Asthama & Indoor Air Quality

What is Asthma?
Asthma is a serious lung disease associated with many factors. When an asthma attack occurs, the airways constrict and make breathing difficult. Symptoms may include shortness of breath, wheezing and coughing. Asthma can even cause death.  Approximately 17 million Americans have asthma, and asthma is the leading cause of long term illness in children today.

About Asthma Triggers
There are many asthma triggers in the indoor environment. These triggers can be divided into two categories; irritants and allergens.  Irritants such as cold air, cigarette smoke, industrial chemicals, perfume, paint and gasoline fumes can trigger asthma. Irritants such as these are suspected to stimulate irritant receptors in the respiratory tract. These receptors cause the muscles surrounding the airway to constrict, resulting in an asthma attack. Allergens are substances that are harmless for most people, but which trigger an allergic reaction in some people. When the body experiences an allergy attack, chemicals called mediators are released. These mediators often trigger asthma episodes. Since Americans spend up to 90% of their time indoors, exposure to indoor allergens and irritants may play a significant role in triggering asthma episodes.

Specific Asthma Trigger Sources
The following are known asthma triggers:

    • Secondhand smoke- Asthma can be triggered by the smoke from the burning end of a tobacco product, or by exhaled tobacco smoke.
    • Dust mites- Dust mites cannot be seen by the naked eye, but are present in every home. They live in fabric and upholstery.
    • Pets-  Dander, urine and saliva from your pet can be a trigger.
    • Molds- Mold grows in high moisture or wet environments. Mold produces tiny spores that waft through the air continually. These spores can be toxic to humans and may trigger asthma attacks. Be extremely cautious around existing mold growth, as it can be  toxic.
    • Pests- The droppings and body parts of  pests and rodents can trigger asthma attacks.
    • House Dust- Particles suspended in the air, including ultrafine particles not detectable by the naked eye, may irritate the  lungs and be an asthma trigger.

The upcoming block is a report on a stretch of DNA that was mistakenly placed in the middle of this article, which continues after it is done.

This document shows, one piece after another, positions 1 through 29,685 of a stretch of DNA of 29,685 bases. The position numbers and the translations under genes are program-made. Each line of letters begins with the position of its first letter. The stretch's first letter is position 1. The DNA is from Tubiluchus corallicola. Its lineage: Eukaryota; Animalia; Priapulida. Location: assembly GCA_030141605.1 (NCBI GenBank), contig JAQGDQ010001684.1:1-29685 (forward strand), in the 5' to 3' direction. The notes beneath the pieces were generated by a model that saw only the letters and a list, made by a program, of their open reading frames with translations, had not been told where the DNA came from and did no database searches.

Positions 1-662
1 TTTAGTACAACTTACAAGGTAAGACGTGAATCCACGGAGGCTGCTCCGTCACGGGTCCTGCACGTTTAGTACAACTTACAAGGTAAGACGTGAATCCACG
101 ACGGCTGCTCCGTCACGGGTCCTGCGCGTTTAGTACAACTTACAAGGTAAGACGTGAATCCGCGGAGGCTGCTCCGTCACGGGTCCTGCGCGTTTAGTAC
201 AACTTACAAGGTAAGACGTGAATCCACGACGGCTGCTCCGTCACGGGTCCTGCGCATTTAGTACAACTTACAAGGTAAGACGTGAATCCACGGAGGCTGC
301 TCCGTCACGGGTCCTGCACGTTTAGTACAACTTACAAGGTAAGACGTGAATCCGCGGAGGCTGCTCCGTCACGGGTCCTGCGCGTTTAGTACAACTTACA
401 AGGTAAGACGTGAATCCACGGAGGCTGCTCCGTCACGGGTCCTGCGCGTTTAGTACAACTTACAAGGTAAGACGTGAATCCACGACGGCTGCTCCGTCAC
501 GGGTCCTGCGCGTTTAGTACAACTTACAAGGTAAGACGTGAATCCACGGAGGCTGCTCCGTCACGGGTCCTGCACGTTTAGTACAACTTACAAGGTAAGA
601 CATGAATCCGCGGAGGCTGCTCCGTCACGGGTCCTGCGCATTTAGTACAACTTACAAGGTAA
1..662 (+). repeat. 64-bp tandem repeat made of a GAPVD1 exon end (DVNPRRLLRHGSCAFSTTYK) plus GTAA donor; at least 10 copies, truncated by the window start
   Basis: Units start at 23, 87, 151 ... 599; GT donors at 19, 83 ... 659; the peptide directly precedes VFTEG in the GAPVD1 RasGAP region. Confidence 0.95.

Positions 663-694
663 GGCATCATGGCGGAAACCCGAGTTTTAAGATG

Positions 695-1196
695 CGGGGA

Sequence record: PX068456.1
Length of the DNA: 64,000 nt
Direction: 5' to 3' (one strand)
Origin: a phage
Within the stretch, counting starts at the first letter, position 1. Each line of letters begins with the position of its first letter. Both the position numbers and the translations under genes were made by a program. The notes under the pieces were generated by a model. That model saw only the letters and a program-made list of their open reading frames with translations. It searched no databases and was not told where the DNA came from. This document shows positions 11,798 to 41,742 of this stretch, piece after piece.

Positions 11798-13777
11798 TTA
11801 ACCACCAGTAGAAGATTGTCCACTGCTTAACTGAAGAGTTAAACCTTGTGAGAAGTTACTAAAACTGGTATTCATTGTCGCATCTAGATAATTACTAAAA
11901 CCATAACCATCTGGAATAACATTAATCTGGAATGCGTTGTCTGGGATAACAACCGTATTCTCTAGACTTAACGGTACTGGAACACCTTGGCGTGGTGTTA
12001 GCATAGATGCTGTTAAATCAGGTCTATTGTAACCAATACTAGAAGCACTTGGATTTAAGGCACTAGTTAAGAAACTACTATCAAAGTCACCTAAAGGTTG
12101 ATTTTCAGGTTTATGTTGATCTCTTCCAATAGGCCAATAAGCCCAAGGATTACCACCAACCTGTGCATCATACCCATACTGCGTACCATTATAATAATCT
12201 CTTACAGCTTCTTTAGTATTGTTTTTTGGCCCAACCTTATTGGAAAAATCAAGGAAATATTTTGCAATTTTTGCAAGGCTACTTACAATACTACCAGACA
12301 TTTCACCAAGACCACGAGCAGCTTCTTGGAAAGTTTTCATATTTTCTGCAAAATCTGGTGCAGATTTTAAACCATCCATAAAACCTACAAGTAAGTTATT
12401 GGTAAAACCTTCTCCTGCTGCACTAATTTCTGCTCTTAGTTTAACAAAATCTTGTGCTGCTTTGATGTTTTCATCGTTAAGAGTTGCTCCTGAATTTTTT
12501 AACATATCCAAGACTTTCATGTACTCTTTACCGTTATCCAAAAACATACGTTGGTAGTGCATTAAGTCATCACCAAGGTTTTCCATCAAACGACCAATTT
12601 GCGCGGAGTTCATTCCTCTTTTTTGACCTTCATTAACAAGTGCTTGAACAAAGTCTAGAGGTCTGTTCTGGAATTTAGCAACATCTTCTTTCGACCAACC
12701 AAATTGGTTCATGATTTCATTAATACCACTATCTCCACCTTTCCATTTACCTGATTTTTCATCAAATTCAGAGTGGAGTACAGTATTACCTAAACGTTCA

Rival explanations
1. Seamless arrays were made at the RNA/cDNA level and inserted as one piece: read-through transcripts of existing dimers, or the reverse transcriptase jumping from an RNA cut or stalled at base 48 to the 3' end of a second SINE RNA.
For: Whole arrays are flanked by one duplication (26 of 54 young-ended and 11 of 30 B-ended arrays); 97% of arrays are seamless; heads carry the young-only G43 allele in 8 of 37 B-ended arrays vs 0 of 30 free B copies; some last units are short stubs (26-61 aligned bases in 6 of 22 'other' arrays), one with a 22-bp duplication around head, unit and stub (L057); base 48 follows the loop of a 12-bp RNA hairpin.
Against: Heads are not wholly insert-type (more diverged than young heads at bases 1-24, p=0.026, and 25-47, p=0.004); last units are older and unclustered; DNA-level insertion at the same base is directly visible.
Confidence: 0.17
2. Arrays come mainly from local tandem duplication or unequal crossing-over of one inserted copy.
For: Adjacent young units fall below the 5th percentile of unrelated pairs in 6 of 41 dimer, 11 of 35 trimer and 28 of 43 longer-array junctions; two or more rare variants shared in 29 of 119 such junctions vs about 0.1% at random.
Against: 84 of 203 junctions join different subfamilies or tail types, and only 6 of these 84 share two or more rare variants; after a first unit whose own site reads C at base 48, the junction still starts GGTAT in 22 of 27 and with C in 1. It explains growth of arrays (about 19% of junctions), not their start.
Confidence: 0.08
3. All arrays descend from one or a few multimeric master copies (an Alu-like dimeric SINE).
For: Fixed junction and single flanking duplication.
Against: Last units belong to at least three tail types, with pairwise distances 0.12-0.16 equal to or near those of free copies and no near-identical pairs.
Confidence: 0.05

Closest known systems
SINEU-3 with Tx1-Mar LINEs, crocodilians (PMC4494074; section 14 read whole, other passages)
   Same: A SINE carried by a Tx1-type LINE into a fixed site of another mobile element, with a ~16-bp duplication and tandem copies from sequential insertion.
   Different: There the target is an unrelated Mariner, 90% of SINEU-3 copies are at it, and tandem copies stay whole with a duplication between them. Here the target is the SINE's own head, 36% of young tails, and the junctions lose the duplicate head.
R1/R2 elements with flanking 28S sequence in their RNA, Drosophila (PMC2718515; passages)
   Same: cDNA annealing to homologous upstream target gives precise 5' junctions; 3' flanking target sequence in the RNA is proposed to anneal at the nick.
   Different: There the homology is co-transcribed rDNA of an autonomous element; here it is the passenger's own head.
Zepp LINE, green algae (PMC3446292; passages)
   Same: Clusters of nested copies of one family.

• Combustion By-Products-  Irritants released by the combustion process. People with asthma may be susceptible to the effects of nitrogen dioxide and sulfur dioxide. Also, particulate matter may decrease lung function in asthmatics.

Steps to Reduce Exposure to Asthma Triggers
Steps can be taken to reduce or eliminate exposure to asthma triggers in the home. Consult with a doctor to help identify what may be triggering attacks in your home. If an asthma trigger is suspected but the source cannot be identified, consultation with an indoor air quality specialist may help in pinpointing the source of the problem. Here are steps you can take yourself:

      • Eliminate smoking from your home and car.

      • Wash your sheets and blankets at least once a week in water greater than 130 degrees to kill dust mites. Choose washable stuffed toys for children, and keep toys off of beds. Cover your mattress and pillows in allergen proof zippered covers.
      • Keep pets out of bedrooms and off of carpets and furniture or consider keeping your pets outdoors or finding a new home for them.
      • Keep the humidity in your home between 30% and 50%, and eliminate standing water or moisture. This can be accomplished by using exhaust fans, keeping drip pans clean, and venting your clothes dryer outside. This will help control allergenic and toxic mold growth, as well as dust mites.
      • Ventilate the house properly.